Architectural Sketching: Florence, Italy

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I was blessed with great in-laws.

For several months in 1999 my father-in-law, an Episcopal priest, filled in for the head priest of St. James’ Episcopal Church in Florence, Italy. During that time he and his wife occupied the rectory, a house on church grounds, a few blocks from the historic city center.

Knowing what a great opportunity this was for their son-in-law the architect, they sent me a round-trip ticket to Florence and invited me to come stay with them. It goes without saying, this was an experience of a lifetime.

During my stay I not only visited many of the great buildings and urban spaces of Florence, but also visited Pisa, Siena and San Gimignano.

During those jaunts I carried two sketchbooks. One, a standard artist’s sketchbook, for more finished sketches. The other, an old fashioned composition book, for thoughts and less polished conceptual sketches and diagrams.

Here, then, are a few of the sketches I made on that trip.

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Fig. 1: Tower, Florence, Italy, 1999

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Fig. 2: Tower, Florence, Italy, 1999

 

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Fig. 3: Studies of colonnade, Piazza Uffizi, Florence, Italy, 1999

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Fig. 4: Study of façade profile and weathering, Florence, Italy, 1999

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Fig. 5: Studies of piazzas’ forms, Florence, Italy, 1999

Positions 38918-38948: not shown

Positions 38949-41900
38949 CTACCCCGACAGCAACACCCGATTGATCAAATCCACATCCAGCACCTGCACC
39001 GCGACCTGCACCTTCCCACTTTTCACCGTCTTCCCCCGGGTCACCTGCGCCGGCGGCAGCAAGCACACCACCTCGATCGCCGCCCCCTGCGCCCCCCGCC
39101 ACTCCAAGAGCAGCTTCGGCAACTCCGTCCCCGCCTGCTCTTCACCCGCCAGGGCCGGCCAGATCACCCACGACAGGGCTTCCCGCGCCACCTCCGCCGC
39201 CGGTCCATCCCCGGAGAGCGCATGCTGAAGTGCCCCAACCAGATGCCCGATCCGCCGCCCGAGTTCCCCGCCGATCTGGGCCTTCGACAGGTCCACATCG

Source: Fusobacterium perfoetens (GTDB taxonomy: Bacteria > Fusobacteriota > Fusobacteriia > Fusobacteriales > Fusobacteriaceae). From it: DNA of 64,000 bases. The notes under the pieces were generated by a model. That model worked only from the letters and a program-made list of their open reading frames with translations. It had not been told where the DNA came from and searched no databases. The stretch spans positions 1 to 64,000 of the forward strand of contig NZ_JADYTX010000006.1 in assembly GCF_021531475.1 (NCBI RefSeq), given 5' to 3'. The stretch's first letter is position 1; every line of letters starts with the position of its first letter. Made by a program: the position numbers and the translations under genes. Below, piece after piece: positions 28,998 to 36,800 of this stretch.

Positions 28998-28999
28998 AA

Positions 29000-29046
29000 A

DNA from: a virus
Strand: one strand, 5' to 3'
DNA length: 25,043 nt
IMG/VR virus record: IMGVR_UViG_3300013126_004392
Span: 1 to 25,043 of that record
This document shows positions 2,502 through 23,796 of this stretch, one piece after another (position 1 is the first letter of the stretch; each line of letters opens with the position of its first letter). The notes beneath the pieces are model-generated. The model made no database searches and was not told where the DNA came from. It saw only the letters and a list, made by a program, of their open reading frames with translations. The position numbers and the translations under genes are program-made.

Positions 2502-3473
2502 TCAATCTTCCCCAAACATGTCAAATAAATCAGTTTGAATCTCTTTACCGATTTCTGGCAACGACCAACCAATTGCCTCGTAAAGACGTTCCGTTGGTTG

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Fig. 6: Colonnade interior along Piazza di Santa Maria Novella, Florence, Italy, 1999

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Fig. 7: Colonnade study, Piazza di Santa Maria Novella, Florence, Italy, 1999

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Fig. 8: Symbolism of tripartite organizations in Christian art, Florence, Italy, 1999

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Fig.9: Piazza del Campo, Siena, Italy, 1999

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Fig. 10: Study, alley, Piazza del Campo, Siena, Italy, 1999

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Fig. 11: Towers, San Gimignano, Italy, 1999

 

Well, there you have it. In future posts I plan to develop some of the thoughts penned here. Most I’d forgotten until now, they’ve remained dormant – is it time to dust them off and see if they’re sturdy enough to inspire some extended thinking and writing?

 

© Donald E. Armstrong and Material Practices, 2013

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